century to produce a model, going right back to supply lines, the whole deal.
In the WTO we compromise a lot. In APEC we compromise a lot. Let’s get something up here of stunning substance that can be announced at a certain time, which I hope will urge the work Geneva and prove an inspiration into others in APEC.
To me this is an enormous disappointment. I thought the Doha round was going to do it. It hasn’t, unfortunately, yet. But this is not a contradiction to Doha nor is it a contradiction to APEC. But we have to do the work as well. We understand this is a complex town, huh? We understand we have to do our share. Having best friends is not enough. ASSISTANT SECRETARY CAMPBELL:
First of all, let me just, can I just say a word to thank Richard for his service and also for his prodding over decades about this relationship. I remember he came to see me when I was in the Pentagon in the 1990s and urged then we needed to do more with New Zealand. And I guess this would be in one of those categories, Richard, of better late than never and it’s, in many respects, a fulfillment of your commitment to the relationship.
And I have not tasted the wine from your vineyard, but I look forward on the next trip down. I’m going to come in February and I’ll look forward, hopefully, to open a bottle with you on that.
If I can just say just one thing, and again, I understand all the complexities of the politics of trade and economic engagement. I spend my life in Asia. I spend a lot of time on the road. I was, again, which on we were in China. Anyone who does not understand the drama that’s playing out in Asia in terms of trade and economics, and that many countries in Asia want more, not less, of the United States. And they want us off the sidelines. They want us to be traditionally, as we have been, optimistic, not anxious. They want us committed on the playing field of Asia’s trade, macro-economic, and other economic playing fields. And it’s just an inexorable logic of our engagement. And so we all recognize some of the difficulties. My own personal view is that the United States has to understand the imperative of this kind of engagement.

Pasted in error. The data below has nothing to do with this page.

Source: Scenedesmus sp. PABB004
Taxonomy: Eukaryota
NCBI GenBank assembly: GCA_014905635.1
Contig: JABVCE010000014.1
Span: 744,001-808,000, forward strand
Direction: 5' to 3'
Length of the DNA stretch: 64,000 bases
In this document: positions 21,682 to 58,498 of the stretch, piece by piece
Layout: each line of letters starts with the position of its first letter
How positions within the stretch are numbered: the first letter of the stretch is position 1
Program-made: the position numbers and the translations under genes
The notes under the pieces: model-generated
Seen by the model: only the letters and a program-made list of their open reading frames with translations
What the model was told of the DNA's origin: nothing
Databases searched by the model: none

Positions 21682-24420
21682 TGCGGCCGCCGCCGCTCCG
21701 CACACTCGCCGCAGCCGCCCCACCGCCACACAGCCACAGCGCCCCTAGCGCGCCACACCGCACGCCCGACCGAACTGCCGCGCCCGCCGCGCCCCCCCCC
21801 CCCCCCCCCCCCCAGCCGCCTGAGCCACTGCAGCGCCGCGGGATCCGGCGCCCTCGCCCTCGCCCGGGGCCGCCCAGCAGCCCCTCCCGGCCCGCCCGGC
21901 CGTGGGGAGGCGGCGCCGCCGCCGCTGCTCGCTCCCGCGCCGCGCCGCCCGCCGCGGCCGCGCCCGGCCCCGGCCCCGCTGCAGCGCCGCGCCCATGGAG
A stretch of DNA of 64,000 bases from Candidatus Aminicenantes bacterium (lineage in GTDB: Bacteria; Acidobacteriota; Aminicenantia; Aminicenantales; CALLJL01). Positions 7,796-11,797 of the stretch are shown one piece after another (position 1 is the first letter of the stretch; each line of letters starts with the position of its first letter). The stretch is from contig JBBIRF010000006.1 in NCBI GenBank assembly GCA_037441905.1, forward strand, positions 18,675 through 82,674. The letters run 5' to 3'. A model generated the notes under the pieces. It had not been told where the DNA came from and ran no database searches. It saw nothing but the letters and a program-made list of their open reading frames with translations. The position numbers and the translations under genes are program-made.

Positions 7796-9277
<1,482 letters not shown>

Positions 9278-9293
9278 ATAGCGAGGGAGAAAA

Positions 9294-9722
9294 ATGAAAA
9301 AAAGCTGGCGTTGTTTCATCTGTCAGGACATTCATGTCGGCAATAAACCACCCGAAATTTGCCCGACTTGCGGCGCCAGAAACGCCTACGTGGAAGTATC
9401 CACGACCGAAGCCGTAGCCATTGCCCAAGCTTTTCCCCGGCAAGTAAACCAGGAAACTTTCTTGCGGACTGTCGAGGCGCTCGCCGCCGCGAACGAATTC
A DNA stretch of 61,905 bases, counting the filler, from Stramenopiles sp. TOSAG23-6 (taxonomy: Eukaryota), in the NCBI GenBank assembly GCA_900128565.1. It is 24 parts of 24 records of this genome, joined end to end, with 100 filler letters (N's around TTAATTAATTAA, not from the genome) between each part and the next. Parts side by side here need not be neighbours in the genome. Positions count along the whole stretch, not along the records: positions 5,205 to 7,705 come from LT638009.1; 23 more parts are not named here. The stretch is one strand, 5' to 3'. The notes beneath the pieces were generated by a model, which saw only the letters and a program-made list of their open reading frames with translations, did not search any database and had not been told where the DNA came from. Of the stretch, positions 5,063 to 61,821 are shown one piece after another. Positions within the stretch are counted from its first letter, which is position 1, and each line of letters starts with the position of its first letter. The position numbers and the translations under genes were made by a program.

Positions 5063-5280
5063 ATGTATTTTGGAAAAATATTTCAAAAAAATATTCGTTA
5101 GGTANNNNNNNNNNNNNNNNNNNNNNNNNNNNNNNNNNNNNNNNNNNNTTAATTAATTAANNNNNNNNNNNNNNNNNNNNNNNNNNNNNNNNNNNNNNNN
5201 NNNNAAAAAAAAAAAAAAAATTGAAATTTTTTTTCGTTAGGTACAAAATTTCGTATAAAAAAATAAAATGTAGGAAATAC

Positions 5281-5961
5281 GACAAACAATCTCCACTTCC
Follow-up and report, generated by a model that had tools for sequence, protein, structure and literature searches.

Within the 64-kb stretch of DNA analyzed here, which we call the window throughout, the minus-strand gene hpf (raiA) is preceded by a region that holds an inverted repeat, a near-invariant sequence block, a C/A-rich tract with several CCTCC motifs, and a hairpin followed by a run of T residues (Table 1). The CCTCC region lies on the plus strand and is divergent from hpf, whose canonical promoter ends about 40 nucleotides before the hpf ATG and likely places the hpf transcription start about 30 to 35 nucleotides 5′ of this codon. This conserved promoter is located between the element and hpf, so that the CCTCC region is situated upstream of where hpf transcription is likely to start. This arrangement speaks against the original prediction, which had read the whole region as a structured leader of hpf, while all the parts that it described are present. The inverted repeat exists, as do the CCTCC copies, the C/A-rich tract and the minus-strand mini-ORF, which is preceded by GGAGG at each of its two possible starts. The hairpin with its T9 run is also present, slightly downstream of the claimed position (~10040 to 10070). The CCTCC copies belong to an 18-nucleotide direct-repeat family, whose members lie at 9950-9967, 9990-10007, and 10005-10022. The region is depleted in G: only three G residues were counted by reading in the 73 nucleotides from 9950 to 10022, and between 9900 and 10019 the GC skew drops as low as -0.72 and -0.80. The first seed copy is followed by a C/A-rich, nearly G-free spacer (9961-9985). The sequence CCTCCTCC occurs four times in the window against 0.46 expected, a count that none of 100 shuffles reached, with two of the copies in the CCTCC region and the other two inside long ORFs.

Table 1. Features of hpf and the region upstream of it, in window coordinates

And I agree with the ambassador on TPP, and I must say I see his hand at work already in terms of bringing people together, making the logic for a high-quality engagement, underscoring that the region will not wait – it will not wait for us. It has slowed down a little bit so that we can get on. But it’s not going to wait very much longer. And we need to understand the imperative that rests right in front of this generation of Americans. And that’s one of the reasons that, frankly, we were so grateful that the government decided to go and have Mike suit up again to come up and serve his country so effectively on issue that, frankly, we all are looking to help us chart this new course.MR. BOWER:
I’d like to – I’m sorry, we’re not going to be able to do additional questions. We’ve gone over time, and we won’t be able to do these things if I keep these guys over time they won’t come back. (Laughter.) So thank you all for coming, particularly thanks –ASSISTANT SECRETARY CAMPBELL:
Can I give you one other – just as we conclude – MR. BOWER:
Yeah.ASSISTANT SECRETARY CAMPBELL:
One other suggestion, Ernie, I think there is enough of a community that you might want to consider doing a relatively regular lunch or meeting in which you have people speak about the issues that are animating the U.S.-New Zealand relationship and what the role that New Zealand plays. I think it would be very valuable to go forward, and that would be something that, I think, in addition, to this overall effort here – sorry to interrupt here.MR. BOWER:
No, no, that’s good. And we’ll work with John Mullen on that initiative. I think that’s a great recommendation.
Thank you. Ambassador, thank you. Thank you, Kurt Campbell. Thank you, John Mullen. (Applause.)